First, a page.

“Stopping by Woods on a Snowy Evening” by Robert Frost

“Stopping by Woods on a Snowy Evening” by Robert Frost

Part One

The poem chosen for analysis is “Stopping by Woods on a Snowy Evening” by Robert Frost. This poem was penned in 1923. Frost was one of the most prolific writers and poet of the 19th and 20th centuries. In this poem there is an imagery of a traveler in a snowy weather using a horse. The period during which this poem was written coincides with the imagery given, as it was a time when horses were the leading mode of transport, just when the automobiles were about to go mainstream. The poet might also have wanted to allude to the images of his childhood, in contrast with the fast-paced changes in technology that were taking place around him.

The title of the poem is significant with respect to the contents of the poem. The poem is about a traveler’s stop at woods that are familiar to him, as he knows the owner of that land. It portrays a form of loneliness, as the traveler’s only companion is his little horse. The horse is concerned to see its master make a stop with no farmhouse in sight. The worries of this animal are address after it is revealed that the stop was only momentary, and the traveler has to go for miles before he can afford to sleep.

This poem is an iambic tetrameter because each of the lines in the poem has four feet ‘…Whose woods| these are| I think |I know…And miles| to go| before| I sleep…’ the poem also has four lines in each stanza and has four stanzas in total. This emphasizes the tetrameter nature of the poem. This poem has an elaborate rhyme scheme that is as follows: aaba, bbcb, ccdc and dddd. This rhyme is a bit strange, as it gives the impressing of halting and then moving on. The third line in each stanza is the one used to introduce the dominant rhymes in the next stanza (PoemShape par 3). There is no variation in the last stanza, and this can be an indication of either total stoppage of movement or continuation of the journey. With regards to the content of the poem, the last stanza indicates continued movement without any further halts.

The poem has a somber mood, indicated by the imagery of the falling on the woods, the frozen lake and darkness that is approaching. The persona in this poem is neither excited nor sad, and it appears as if the horse carrying him is more emotive than him ‘…my little horse must think it queer…to stop without a farmhouse near…he gives his harness bells a shake…to ask if there is some mistake…’ on the other hand, the persona is seemingly unsure of the actions to take in the beginning of the poem ‘…I think I know…’ indicating a hesitant tone. At the end of the poem, however, the tone of the persona is affirming and determined ‘…The woods are lovely…I have promises to keep…’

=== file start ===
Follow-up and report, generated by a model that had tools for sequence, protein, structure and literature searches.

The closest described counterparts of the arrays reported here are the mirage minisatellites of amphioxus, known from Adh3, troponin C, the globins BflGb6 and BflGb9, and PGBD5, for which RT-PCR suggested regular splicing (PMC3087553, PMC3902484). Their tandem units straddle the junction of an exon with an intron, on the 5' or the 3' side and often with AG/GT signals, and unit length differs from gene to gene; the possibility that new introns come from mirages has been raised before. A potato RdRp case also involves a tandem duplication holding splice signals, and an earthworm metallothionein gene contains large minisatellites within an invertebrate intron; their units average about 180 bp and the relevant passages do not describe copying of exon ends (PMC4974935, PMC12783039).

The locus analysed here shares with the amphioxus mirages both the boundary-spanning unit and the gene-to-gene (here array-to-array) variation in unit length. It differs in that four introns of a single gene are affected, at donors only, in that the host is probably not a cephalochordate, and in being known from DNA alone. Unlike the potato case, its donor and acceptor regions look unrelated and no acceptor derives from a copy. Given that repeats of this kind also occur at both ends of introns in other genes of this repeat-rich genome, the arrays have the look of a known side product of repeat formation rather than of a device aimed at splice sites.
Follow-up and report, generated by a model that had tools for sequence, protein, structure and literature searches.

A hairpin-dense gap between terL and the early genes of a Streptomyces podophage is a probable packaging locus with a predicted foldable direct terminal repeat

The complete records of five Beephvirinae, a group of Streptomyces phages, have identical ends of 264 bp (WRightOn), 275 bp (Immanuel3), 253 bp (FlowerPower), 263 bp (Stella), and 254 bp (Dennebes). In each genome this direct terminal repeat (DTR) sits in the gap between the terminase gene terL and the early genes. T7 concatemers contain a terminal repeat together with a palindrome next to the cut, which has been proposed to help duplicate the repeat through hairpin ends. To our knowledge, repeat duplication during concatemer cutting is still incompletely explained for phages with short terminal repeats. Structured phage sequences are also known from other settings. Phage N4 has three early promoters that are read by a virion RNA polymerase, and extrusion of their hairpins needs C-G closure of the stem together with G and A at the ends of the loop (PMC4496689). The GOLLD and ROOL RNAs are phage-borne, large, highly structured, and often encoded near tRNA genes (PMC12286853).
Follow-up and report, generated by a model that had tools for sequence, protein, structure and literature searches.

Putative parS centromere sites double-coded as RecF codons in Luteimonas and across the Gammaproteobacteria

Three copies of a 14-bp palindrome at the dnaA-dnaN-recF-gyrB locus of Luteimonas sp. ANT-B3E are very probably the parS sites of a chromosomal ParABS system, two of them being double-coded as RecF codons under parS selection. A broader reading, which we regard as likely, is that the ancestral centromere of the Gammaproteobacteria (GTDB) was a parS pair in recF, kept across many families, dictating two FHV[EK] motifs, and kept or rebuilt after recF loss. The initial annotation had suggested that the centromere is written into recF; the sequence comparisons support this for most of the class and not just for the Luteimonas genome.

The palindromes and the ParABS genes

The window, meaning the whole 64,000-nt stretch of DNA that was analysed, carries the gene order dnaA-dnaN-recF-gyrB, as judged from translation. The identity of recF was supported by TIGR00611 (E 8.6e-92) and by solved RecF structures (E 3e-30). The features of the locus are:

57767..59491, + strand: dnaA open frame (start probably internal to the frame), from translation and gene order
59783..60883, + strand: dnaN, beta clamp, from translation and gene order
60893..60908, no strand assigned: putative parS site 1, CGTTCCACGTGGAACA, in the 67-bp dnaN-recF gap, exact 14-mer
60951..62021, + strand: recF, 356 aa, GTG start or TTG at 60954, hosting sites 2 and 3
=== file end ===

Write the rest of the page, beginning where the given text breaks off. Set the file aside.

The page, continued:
In addition to the contrasting tones on the poem, the poet made use of various literary devices to enhance the imagery in the poem. The horse has been personified as thinking the actions of the persona to be queer, for having stopped in a place where there is no farmhouse in sight. Personification is also used in line 9 ‘…he gives his harness bell a shake…’ in reference to the actions of the horse. The effect of this personification to indicate that the animal is in disagreement with the actions taken by its master (Villon 320). There is used of alliteration ‘…dark and deep…’ and repetition ‘…And miles before I sleep…’ the alliteration is used to emphasize the imagery of the weather described, while the repetition is used to break the idea of the persona halting to admire the woods. It indicates that he is once again in motion.

The main theme of this poem is the quietness and loneliness in the outdoors that accompanies a traveler. The cold and dark that is experienced in the winter locks most people indoors. There are no outdoor activities taking place in the snow-covered paths, streets and woods. If one decides to travel, his only companion is his horse, which is also not so excited about moving outdoors in the extreme cold. This poem is about a person on a mission that he is intent on fulfilling despite the challenging weather and cold. In the last stanza, he states that he has a promise to keep, though the audience is not made aware exactly what promise needs to be kept.



Part Two

Summer Loathe

I can’t believe That only

A fortnight ago, I walked on this lake

Like Christ eons ago.

They say summer is bright, But I desist


It reminds of the failures

That I hid effectively, in the cloak of winter

It rouses the jealous beast

On seeing the smiles of others-While hardly my own


Summer uncovers the graves

Of the persons I once cared for

As the flowers, the sunshine they brave,

I have to retreat to my melancholic brave


I will not lie and shout hoarse about the sun

Winter has always been my solace

Defender against nosy friends

How I wait, For the dark days to return



Works cited

PoemShape. “Interpreting Robert Frost’S “Stopping By Woods”.” PoemShape. N.p., 2009. Web. 24 Oct. 2017.

Villon, F. “Poems.” Literary Imagination 15.3 (2013): 317-326. Web.